A transformation took place at the Kings practice facility over the summer. Their U-shaped dressing room was remodeled with dark wood paneling and darker lighting to resemble their Staples Center confines. Their logo was moved from the floor to the ceiling so visitors couldn’t step on it.
Something else is noticeable too. It can be measured in the good vibe and different atmosphere that goes beyond the usual preseason optimism and relates to John Stevens, who officially debuts as Kings coach Thursday.
“It’s not a new face, but a new philosophy comes in,” Anze Kopitar said. “There’s definitely a breath of fresh air. … I think everything’s a little bit more upbeat. Everything’s a little looser, but loose in a good way. We’re not out there being careless or anything. For sure, we know why we’re here and what our goals are. But being a little more upbeat, it’s refreshing.”
That’s not specifically a reflection of former coach Darryl Sutter and his avuncular-yet-scowling presence, so much as the approachable, low-key manner of Stevens and the possibility of more offensive freedom.
At the outset of camp, Drew Doughty said he hadn’t seen this much excitement among his teammates to get going. Not making the playoffs is a prime motivator, of course, but they openly embrace the honeymoon with Stevens, knowing it will wear off.
“It’s just a new feeling around the team, and it feels good,” Doughty said. “We want to become the team that we were two years ago, three years ago, probably even four years ago. It’s not going to just happen because we made these changes. We’re going to have to work our butts off, and we have to make this team get there. It’s not going to happen overnight. It’s going to happen with a lot of work and detail.”
Stevens knows detail. He was in charge of defense under Sutter and has developed a healthy relationship with the defensemen over the years, from Norris Trophy-winning Doughty to those trying to become regular NHL players.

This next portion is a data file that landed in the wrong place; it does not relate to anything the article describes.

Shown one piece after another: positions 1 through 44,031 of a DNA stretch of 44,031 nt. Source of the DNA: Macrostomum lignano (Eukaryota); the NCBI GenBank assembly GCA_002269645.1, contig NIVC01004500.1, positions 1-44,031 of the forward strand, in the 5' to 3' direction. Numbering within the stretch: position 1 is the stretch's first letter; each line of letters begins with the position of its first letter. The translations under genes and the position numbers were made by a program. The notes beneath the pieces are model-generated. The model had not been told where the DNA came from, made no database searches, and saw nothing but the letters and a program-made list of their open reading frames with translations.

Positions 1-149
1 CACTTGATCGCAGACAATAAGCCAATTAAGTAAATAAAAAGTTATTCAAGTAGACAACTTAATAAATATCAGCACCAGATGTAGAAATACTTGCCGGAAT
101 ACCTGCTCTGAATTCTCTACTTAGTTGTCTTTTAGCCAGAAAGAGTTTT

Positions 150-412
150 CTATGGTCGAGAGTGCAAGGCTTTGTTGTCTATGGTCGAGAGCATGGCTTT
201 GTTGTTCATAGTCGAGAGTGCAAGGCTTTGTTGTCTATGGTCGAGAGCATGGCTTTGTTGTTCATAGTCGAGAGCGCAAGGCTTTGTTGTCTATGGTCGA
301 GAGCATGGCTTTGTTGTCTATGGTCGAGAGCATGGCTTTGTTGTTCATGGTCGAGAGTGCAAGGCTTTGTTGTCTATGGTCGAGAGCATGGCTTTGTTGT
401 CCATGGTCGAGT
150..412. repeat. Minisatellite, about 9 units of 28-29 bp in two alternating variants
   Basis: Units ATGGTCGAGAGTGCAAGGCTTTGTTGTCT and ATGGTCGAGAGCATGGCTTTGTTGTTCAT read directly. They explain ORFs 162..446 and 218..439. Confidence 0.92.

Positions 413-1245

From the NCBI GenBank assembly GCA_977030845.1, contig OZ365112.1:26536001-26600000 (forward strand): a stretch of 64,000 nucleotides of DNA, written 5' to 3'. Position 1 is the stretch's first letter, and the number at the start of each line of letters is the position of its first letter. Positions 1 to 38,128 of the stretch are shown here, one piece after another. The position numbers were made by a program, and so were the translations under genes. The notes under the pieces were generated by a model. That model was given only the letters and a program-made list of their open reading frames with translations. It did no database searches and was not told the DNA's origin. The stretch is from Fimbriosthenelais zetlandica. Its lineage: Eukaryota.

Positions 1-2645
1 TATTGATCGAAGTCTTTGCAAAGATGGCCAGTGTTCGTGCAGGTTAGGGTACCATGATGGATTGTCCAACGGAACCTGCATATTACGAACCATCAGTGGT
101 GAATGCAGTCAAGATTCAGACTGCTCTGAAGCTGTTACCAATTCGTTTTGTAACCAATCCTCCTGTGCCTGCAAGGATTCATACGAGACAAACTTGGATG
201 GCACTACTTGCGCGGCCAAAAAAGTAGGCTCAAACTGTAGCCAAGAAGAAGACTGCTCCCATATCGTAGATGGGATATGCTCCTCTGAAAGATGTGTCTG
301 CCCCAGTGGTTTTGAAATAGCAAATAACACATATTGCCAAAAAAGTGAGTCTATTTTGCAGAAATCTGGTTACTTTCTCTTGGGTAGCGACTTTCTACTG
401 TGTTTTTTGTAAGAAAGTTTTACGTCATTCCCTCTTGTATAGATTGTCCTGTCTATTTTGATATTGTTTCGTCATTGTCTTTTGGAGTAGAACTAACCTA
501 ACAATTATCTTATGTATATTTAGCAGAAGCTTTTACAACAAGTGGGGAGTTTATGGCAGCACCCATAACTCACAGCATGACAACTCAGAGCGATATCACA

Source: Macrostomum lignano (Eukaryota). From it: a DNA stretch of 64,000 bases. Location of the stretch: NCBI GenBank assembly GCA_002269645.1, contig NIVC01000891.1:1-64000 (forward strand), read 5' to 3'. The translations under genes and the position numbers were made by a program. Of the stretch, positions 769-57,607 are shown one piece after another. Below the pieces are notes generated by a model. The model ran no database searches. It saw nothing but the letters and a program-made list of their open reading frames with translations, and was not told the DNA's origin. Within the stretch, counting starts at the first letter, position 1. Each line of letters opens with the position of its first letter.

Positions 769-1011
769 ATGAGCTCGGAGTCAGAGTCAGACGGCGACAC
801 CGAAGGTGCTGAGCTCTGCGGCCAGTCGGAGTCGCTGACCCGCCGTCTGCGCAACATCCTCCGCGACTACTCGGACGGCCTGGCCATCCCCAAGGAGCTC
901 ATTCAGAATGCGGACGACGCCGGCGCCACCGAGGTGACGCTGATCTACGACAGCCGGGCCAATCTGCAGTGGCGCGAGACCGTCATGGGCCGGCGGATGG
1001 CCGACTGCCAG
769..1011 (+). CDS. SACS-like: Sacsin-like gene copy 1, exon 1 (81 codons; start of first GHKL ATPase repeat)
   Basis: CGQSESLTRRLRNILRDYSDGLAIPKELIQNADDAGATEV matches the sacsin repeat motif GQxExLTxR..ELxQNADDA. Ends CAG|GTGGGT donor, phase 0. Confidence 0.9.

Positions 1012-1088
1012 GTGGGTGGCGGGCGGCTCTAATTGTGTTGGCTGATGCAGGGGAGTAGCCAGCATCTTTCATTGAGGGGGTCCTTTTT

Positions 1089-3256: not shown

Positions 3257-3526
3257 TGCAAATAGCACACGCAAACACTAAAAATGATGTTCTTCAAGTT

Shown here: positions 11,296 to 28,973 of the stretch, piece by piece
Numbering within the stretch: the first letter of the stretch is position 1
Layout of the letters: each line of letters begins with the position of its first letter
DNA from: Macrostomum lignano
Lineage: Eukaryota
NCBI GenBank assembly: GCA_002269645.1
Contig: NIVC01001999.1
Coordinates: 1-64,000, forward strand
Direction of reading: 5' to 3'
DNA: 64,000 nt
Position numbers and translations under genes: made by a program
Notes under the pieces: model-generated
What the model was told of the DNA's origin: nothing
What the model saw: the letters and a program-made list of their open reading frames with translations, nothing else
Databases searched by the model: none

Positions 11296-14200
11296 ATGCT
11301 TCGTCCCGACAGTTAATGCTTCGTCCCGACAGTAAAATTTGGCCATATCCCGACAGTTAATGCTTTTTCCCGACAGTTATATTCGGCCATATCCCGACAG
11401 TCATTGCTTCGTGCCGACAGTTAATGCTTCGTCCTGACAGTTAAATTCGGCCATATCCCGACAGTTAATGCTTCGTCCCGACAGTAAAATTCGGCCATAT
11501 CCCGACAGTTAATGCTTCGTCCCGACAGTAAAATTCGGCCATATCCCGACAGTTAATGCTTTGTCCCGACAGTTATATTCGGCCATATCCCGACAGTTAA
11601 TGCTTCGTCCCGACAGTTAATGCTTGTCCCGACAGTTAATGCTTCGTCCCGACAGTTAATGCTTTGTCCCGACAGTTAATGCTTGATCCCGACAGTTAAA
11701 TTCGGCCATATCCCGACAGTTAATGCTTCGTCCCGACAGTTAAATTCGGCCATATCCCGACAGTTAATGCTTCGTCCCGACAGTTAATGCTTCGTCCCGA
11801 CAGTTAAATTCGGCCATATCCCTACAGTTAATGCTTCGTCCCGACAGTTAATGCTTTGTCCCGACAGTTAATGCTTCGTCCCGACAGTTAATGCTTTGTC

“John really cares about you as a person and about the team and how you’re doing,” said Kevin Gravel, a young defenseman who has shuttled between the Kings and the minors.
“He was really good for me last year. He’s a very intelligent guy, and been around the game a long time. I thought he was very good with our D-corps last year and he’s had a ton of success since he’s been here. A lot of that reflects on him.”
Previously an associate head coach, Stevens was the person players could vent to or consult. His desk isn’t in the same place because of the remodel, but as coach his policy is the same.
“He was stressing that from day one: His doors are open,” Kopitar said. “Literally, they always are.”
Stevens said that’s one of the tenets he learned from a 35-year career in the game. He’s a hockey lifer who has “earned his stripes,” Ducks coach Randy Carlyle said, and he knows the value of relating to players constructively.
“I’m always been a big believer in feedback and communication,” Stevens said. “The message doesn’t always have to be one the player wants to hear because it has to be honest, and I think we’ve always done that here.
“Sometimes it’s just a conversation, but I’ve always been that way. It’s the way I like to be. As a player, I enjoyed that type of feedback. Having kids that play at a pretty high level now, I see the impact it has on them, so it only reinforced what I already believe in.”
Stevens said the chipper demeanor in camp had much to do with players ready to move on from seasons past. It didn’t hurt that they were 5-1-1 in a preseason interrupted by a trip to China. It’s only preseason, but “I think a lot of things are derivative of having success,” Stevens said.
Big questions surround the Kings as they try to recapture their past successes. There are no more bitter facial expressions from Sutter behind the Kings bench. Nor are there the yellow ties Sutter wore as a good-luck charm.